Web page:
Hackney led the way in innovative power generation schemes and waste to power plants at the end of the nineteenth century. The first waste to power station (by the Shoreditch Vestry of 1897) is in Coronet Street, Shoreditch and is locally listed.
LB of Hackney (East side). Electricity company (West side).
Date or period
Circa.1901 and 1945
Watching brief in relation to any future development.
The 'A' station opened at Millfields Road in 1901. An adjacent refuse destructor supplied heat. Hackney Waste Destructor was of the "Sterling" type, which, combined with electric power generating stations was installed at Hackney in 1901. At the time, it was then probably the most powerful combined destructor and electricity station yet erected.
The original building was built in brick with stone dressings to the designs of Gordon & Gunton, Architects of the Disinfecting Station buildings nearby (and later the Disabled Soldiers and Sailors Alms Houses, also nearby).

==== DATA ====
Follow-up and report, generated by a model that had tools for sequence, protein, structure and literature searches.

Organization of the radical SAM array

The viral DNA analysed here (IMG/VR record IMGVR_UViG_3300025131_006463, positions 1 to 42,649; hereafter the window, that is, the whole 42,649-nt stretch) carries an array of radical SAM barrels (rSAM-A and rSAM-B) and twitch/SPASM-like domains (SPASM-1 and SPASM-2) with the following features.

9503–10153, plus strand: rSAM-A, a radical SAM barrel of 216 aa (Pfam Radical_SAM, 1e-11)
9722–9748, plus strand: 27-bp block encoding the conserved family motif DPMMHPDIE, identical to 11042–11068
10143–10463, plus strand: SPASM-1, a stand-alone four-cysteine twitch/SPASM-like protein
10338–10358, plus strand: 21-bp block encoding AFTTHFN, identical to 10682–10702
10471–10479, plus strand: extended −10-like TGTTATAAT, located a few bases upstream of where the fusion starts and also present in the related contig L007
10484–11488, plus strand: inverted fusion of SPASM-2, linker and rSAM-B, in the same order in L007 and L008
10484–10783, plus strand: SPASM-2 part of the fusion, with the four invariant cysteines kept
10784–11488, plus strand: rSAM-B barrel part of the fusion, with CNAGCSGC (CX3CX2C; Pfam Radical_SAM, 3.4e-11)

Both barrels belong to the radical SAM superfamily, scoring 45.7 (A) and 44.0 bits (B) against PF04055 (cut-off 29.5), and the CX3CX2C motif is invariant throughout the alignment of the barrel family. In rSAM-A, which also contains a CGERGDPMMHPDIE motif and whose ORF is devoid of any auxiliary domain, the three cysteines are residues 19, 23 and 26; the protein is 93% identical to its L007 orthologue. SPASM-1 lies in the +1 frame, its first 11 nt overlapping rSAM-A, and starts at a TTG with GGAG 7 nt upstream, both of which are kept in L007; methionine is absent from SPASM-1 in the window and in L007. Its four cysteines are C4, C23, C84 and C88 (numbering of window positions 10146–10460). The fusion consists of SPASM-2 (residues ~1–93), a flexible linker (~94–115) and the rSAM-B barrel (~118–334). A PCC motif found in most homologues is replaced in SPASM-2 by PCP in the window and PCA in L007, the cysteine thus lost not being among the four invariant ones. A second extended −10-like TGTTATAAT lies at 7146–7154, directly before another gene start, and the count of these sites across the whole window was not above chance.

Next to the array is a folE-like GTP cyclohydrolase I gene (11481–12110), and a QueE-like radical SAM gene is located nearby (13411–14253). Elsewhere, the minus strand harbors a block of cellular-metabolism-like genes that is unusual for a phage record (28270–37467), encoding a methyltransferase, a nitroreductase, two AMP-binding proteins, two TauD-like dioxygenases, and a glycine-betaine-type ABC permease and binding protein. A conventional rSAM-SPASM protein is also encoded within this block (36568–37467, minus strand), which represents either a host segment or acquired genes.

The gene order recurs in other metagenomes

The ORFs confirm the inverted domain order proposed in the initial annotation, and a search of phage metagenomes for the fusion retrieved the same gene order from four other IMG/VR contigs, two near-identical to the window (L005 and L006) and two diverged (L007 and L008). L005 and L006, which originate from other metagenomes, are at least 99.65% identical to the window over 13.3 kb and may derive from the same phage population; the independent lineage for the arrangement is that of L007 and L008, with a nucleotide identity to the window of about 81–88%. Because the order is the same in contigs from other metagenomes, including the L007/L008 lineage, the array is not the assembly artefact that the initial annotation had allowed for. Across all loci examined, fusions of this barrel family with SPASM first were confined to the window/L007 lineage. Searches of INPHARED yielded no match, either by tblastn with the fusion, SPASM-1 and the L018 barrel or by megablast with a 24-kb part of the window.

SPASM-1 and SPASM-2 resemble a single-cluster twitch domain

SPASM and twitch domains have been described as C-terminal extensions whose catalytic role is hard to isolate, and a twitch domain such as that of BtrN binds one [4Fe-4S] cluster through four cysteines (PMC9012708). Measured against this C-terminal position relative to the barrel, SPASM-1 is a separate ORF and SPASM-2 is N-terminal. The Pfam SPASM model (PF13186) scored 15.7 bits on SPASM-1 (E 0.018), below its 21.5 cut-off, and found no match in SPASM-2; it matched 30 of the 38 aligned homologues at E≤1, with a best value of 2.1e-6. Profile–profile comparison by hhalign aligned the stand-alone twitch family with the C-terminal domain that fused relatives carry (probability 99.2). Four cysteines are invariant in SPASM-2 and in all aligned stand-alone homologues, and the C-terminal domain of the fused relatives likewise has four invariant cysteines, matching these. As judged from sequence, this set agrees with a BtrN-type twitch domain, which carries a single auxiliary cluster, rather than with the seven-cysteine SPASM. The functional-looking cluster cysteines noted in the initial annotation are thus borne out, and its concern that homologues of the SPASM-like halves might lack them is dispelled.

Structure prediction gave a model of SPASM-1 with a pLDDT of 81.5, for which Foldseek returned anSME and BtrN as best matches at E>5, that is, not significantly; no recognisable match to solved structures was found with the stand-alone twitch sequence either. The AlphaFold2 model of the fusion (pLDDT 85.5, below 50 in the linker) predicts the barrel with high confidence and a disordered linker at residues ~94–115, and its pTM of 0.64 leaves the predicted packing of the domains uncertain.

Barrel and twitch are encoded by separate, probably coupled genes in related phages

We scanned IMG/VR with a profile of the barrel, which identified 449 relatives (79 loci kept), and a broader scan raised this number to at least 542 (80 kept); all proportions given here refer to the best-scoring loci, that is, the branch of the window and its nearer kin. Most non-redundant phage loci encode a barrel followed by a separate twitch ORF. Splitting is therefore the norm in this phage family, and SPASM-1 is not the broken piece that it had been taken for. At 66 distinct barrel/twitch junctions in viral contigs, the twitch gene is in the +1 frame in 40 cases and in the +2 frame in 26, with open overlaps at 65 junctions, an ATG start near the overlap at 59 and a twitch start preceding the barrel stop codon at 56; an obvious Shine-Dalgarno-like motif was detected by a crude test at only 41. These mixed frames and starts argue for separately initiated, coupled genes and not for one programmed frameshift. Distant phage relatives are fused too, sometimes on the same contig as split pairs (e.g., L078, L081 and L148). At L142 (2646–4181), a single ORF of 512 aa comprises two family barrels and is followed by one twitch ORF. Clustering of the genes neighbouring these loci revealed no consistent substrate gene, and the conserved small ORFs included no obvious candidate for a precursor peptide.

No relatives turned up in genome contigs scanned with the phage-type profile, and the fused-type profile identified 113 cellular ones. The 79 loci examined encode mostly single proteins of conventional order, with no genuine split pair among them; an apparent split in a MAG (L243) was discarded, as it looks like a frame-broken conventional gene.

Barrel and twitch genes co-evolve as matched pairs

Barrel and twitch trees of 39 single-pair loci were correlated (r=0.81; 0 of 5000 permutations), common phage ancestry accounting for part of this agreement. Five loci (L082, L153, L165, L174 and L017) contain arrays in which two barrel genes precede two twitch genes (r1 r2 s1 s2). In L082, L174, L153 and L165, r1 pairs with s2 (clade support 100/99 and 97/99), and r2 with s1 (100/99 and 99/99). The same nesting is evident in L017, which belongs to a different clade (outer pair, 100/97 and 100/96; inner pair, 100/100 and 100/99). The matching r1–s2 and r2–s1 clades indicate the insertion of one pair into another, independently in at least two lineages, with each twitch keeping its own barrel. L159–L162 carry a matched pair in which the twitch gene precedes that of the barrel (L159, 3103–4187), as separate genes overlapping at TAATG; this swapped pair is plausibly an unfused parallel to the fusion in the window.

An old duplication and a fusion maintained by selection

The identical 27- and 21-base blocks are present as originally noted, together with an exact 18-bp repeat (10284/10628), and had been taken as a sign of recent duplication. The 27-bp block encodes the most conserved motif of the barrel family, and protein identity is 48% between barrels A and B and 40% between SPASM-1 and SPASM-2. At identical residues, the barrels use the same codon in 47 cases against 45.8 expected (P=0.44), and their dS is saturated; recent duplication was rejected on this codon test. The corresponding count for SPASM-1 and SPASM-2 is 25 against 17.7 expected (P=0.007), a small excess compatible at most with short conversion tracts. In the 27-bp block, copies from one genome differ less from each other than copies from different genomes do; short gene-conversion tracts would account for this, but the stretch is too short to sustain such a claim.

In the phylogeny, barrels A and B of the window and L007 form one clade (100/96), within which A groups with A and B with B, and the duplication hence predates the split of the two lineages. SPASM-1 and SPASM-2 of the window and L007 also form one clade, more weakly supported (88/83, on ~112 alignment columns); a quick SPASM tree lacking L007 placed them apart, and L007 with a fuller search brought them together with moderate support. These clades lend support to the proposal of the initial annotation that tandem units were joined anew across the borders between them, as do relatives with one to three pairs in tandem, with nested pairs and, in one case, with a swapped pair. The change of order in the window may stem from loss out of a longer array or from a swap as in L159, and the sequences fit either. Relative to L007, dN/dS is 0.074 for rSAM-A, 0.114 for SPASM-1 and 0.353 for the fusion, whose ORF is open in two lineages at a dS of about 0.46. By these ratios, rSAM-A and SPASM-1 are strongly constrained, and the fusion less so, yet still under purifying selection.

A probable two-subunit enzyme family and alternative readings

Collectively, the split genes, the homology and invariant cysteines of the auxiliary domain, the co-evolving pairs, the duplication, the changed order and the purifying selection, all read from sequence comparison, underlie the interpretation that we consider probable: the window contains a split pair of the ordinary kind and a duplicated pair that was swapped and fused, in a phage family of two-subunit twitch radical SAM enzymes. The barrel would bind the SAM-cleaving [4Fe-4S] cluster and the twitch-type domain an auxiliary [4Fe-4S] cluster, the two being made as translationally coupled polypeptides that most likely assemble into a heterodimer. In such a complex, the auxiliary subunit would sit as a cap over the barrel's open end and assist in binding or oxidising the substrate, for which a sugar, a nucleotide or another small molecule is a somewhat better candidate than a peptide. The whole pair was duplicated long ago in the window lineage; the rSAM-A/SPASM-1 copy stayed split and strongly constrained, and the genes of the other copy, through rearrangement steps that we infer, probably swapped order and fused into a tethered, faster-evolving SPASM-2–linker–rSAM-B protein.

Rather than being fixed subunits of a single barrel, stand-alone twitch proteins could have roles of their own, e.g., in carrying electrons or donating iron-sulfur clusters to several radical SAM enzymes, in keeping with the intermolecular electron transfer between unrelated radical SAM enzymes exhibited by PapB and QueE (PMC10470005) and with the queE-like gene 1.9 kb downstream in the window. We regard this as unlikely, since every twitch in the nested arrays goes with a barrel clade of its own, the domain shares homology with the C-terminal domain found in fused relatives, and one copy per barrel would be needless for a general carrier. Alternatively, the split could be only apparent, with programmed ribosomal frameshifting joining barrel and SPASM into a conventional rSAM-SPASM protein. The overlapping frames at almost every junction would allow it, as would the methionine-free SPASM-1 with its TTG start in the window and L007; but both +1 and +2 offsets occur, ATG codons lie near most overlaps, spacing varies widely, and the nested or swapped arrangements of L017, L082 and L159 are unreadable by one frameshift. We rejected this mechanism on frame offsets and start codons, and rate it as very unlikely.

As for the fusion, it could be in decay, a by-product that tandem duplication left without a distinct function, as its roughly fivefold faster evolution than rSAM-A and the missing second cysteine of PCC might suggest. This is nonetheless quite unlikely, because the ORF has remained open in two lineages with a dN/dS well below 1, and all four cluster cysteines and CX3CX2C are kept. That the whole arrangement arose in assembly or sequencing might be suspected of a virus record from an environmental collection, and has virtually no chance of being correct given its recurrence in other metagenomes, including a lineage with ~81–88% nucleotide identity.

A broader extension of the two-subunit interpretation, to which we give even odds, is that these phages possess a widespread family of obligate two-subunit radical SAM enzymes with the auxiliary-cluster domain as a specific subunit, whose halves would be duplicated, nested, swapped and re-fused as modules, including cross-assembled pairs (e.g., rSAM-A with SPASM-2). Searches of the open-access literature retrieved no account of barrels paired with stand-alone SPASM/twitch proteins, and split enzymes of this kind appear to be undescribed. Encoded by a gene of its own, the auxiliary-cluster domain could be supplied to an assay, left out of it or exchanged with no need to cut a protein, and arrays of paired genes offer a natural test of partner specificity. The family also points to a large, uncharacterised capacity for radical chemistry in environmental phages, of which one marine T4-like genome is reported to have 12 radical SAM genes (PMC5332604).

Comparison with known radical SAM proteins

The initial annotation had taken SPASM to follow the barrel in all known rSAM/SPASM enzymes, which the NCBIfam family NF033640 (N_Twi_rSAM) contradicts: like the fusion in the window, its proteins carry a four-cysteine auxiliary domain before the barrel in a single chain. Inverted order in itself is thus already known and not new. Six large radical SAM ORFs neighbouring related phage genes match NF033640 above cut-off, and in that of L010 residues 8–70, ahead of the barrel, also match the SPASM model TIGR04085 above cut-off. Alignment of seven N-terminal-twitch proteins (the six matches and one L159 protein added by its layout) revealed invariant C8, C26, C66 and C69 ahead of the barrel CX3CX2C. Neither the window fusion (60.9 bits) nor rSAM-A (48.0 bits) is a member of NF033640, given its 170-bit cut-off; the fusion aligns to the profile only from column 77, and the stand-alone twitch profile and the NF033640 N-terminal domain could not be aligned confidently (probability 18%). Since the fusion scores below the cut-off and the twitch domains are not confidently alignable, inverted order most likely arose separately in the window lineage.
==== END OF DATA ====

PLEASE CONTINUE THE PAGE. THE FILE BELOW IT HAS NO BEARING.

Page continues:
A wharf was built on adjacent land leased from the Lee Conservancy to unload coal and remove clinker. Coal or clinker heaped into mounds seems likely to have formed the ‘Spion Kop’; an informal viewing area for Clapton Orient football fans and the site of a gun emplacement in World War I. The clinker may have been used to surface footpaths in the area and may be the origin of the term 'Black Path'.
The power station passed to the London Electricity Board in 1947.
The ‘A’ station has been totally demolished. The western wall of the 'B' Station turbine hall and ancillary buildings remain. No visual evidence remains of the coal wharf.
Along with the Disinfecting Station, this was an important collection of municipal buildings expressing the vision and increasing ambition of local government in Hackney.
The Station played at least two parts in the history of labour relations. In the General Strike of 1926, the Hackney Gazette reported a parson was working as a volunteer at the Council’s Dust Destructor. The Station was also picketed during the miners strike of 1984-85.
William H. Maxwell, Removal and Disposal of Town Refuse, with an exhaustive treatment of Refuse Destructor Plants (London, 1899), with a special Supplement embodying later results (London, 1905)